Writing content for your website? If you’re like most business owners, you’ll find yourself challenged by your About Page more than any other page on your website.
Service business owners in particular become frustrated because they say, “I hate writing about myself. But I have no choice. People want to know who they’ll be dealing with. That’ would be me.”
The worst-kept secret is, your About Page really isn’t about you. It all comes back to the infamous “WIIFM” question.
Prospective clients want to know what you will do for them. How will you make them more successful, more productive or more joyful? Which pains and problems will you take away? Which obstacles will you help them overcome?
So begin your About Page by telling a story.
But … not the usual “How I Struggled From Rags To Riches” story. Not a story that follows the misguided advice to “Be vulnerable.”
For one thing, you may not have struggled to get where you are. You might have been lucky. You might have a story about being born with a silver spoon and making the most of it.
Instead, tell a story that responds to your audience. How have you transformed clients from ordinary people into super-heroes?
Your About Page answers the question, “Why should I hire this person?”
Hiring a service professional can be a scary decision. Your audience comes to you with three fears:
They’ve got fears around the problem itself — the reason they’re hiring you.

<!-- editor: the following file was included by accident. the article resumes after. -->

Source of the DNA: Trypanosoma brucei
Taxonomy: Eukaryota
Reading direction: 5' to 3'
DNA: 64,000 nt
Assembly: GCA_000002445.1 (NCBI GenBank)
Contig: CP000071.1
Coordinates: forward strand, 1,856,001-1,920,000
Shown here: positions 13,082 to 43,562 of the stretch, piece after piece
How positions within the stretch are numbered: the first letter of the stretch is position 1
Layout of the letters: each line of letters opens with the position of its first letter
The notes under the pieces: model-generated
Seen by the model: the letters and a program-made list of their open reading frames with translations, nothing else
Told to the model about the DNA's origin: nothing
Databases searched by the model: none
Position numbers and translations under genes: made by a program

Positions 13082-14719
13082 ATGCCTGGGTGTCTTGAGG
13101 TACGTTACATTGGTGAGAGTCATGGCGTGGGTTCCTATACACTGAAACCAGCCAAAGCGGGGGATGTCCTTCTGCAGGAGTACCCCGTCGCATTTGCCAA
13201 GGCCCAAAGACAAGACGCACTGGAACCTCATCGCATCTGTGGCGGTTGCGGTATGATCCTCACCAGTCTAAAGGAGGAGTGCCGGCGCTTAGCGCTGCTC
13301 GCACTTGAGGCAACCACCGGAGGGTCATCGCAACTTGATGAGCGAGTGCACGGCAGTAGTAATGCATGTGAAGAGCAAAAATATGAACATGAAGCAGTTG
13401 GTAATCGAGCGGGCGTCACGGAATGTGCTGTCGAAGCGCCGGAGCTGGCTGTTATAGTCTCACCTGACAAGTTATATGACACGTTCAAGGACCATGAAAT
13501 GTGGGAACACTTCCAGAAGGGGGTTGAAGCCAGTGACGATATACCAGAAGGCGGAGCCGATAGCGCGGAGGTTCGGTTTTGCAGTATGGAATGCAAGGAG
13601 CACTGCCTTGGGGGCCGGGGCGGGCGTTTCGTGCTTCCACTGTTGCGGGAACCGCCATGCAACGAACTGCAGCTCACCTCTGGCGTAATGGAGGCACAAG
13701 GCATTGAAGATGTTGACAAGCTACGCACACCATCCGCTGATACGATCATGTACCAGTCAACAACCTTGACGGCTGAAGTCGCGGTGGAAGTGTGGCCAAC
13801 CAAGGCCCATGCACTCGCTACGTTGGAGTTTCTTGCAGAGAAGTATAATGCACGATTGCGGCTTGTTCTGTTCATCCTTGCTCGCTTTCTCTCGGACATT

They’re afraid of hiring the wrong person: imagine hiring an interior decorator who paints the walls purple.
And they’re afraid they’ll look dumb: “Shouldn’t I be able to do this myself?”
I cover these fears in more detail in my ebook on Build Your Standout Personal Brand One Story At A Time.
So your About Page needs to
… soothe the fears of the visitors who are so close to hiring you, until they start to ask themselves questions
… show them you’re worthy of their trust (without boasting or bragging)
… keep the focus on them and their needs
Here are 3 ways to get your About Page to tell the story that promotes your business, without coming across as boastful, arrogant or over-the-top.
Tip #1: Recognize that “likable” means “competent and easy to work with.”
Your About Page needs to showcase your business personality. When you’ve nailed the personality component, you’ll draw strong responses. You won’t be universally loved. Some people will like you a lot. Other people will be turned off.
So how do you present your likable personality on your About Page?
The meaning of likeability varies by field. In some fields, prospects are concerned that you’ll be judgmental, arrogant, domineering, dismissive, patronizing or even rude. People who deal with lawyers, doctors and accountants often have memories so bad they’re afraid to hire someone new.